Summary of passage:  The “rabble” complain now about only having manna to eat.  God is angry and Moses is angry as well.  Moses asks God why did He give them those people to care for.  He tells God the burden of these people is too heavy to bear alone and he wants to die for God doing this to him.  (Moses is complaining as well here).

God agrees to anoint 70 leaders to help Moses with the people.  God also says he will provide meat for the Israelites for 30 days until they will loathe meat because they have so much of it.  Moses lacks faith and asks God how he is going to do such a thing.  God says He will.

God put His spirit upon the 70 elders who now prophesied.  Then God drove quail from the sea for the people to eat.  However, God still being angry, struck the Israelites with a plague.

Questions:

5a)  The fish, cucumbers, melons, leeks, onions, and garlic they ate there.

b)  That they were slaves.

6a)  He became so exasperated that his faith began to waver in God and he even asked to die rather than deal with these people alone.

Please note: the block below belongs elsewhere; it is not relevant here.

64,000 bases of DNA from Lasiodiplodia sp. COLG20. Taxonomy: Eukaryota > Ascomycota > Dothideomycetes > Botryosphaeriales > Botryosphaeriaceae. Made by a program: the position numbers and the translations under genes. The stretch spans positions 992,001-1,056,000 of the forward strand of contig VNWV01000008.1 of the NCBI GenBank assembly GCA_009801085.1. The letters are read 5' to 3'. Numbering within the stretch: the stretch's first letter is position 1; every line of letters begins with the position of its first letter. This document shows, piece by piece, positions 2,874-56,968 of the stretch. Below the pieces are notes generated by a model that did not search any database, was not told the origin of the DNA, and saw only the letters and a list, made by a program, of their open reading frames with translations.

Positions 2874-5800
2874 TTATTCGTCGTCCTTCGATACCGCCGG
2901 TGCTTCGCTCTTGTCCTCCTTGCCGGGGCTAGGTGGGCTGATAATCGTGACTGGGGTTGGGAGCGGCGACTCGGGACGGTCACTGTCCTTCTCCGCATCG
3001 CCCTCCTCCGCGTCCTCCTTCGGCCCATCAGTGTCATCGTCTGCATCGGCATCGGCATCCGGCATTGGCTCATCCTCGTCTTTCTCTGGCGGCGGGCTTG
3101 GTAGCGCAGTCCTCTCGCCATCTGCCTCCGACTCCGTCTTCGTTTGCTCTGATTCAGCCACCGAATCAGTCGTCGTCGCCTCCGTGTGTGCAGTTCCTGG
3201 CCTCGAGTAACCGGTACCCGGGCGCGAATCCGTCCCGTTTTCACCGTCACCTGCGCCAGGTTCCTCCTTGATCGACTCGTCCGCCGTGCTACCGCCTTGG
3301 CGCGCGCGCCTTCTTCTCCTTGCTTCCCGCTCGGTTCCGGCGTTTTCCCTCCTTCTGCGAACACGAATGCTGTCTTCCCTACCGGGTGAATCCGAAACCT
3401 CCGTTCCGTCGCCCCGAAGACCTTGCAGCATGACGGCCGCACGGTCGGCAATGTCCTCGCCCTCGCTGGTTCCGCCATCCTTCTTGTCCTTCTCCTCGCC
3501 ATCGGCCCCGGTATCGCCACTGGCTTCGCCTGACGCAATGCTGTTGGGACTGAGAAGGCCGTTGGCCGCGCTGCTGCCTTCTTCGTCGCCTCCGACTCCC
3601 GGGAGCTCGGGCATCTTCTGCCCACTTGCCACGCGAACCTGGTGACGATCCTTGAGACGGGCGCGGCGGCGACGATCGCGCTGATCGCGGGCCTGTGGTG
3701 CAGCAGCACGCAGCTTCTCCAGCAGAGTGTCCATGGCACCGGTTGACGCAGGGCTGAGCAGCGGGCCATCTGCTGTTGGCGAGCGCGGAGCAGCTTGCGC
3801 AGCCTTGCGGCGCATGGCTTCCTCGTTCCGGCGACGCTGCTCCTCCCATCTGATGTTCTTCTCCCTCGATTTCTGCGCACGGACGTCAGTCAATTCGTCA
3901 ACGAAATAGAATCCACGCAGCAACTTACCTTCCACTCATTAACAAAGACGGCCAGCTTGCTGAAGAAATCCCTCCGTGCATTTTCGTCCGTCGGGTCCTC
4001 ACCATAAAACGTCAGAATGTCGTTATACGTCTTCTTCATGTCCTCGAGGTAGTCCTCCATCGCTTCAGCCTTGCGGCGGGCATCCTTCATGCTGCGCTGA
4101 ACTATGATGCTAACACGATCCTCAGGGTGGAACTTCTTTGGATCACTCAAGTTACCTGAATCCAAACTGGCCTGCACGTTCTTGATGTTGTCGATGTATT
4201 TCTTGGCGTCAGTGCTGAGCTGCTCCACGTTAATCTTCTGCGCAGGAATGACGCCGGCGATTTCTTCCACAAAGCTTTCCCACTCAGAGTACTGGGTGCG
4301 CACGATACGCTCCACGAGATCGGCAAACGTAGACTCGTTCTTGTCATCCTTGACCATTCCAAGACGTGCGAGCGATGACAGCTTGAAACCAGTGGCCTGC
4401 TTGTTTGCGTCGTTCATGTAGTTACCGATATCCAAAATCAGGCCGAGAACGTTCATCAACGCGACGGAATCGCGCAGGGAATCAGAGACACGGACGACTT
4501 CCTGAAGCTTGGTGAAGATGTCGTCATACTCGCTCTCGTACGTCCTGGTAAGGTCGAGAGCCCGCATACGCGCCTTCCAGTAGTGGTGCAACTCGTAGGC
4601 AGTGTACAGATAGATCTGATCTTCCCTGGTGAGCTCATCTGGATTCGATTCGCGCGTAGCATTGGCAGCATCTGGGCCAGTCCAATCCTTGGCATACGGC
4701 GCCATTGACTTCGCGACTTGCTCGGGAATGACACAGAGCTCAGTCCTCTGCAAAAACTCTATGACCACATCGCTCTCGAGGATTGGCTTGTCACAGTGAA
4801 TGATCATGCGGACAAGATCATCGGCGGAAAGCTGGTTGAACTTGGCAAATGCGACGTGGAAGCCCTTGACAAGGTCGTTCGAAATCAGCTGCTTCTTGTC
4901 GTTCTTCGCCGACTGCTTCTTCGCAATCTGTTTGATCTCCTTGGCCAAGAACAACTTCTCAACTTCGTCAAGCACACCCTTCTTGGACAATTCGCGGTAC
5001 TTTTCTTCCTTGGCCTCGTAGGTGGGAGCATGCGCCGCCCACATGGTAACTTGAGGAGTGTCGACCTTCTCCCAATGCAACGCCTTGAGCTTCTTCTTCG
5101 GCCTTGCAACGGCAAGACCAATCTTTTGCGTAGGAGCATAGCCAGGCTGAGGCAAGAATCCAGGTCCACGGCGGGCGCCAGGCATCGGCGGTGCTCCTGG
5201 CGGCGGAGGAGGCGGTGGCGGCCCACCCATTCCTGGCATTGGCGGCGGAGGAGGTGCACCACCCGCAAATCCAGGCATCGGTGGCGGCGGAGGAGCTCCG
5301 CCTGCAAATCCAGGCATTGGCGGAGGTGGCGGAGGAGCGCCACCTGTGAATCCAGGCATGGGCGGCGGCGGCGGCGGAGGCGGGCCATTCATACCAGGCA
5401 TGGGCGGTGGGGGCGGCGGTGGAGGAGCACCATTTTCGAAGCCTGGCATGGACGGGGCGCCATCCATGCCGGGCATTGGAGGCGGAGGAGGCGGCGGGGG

b)  No.

c)  He agreed to anoint 70 elders to help Moses with the people and to provide meat for the Israelites so they would stop grumbling.

d)  Personal Question.  My answer:  With peace that it would all turn out alright.

7a)  God deemed they would have meat for 30 days until the point they loathed it.

b)  Before the people could even taste the meat, he struck them with a plague.

Conclusions:  A couple questions I thought were left hanging and could have been expounded upon more.  I love God’s response!  It’s like “Fine.  I’ll show you!”  Be careful what you ask for!  I picture Moses’ tirade and it isn’t exactly pretty.  While I can understand His frustration, I don’t understand His doubt.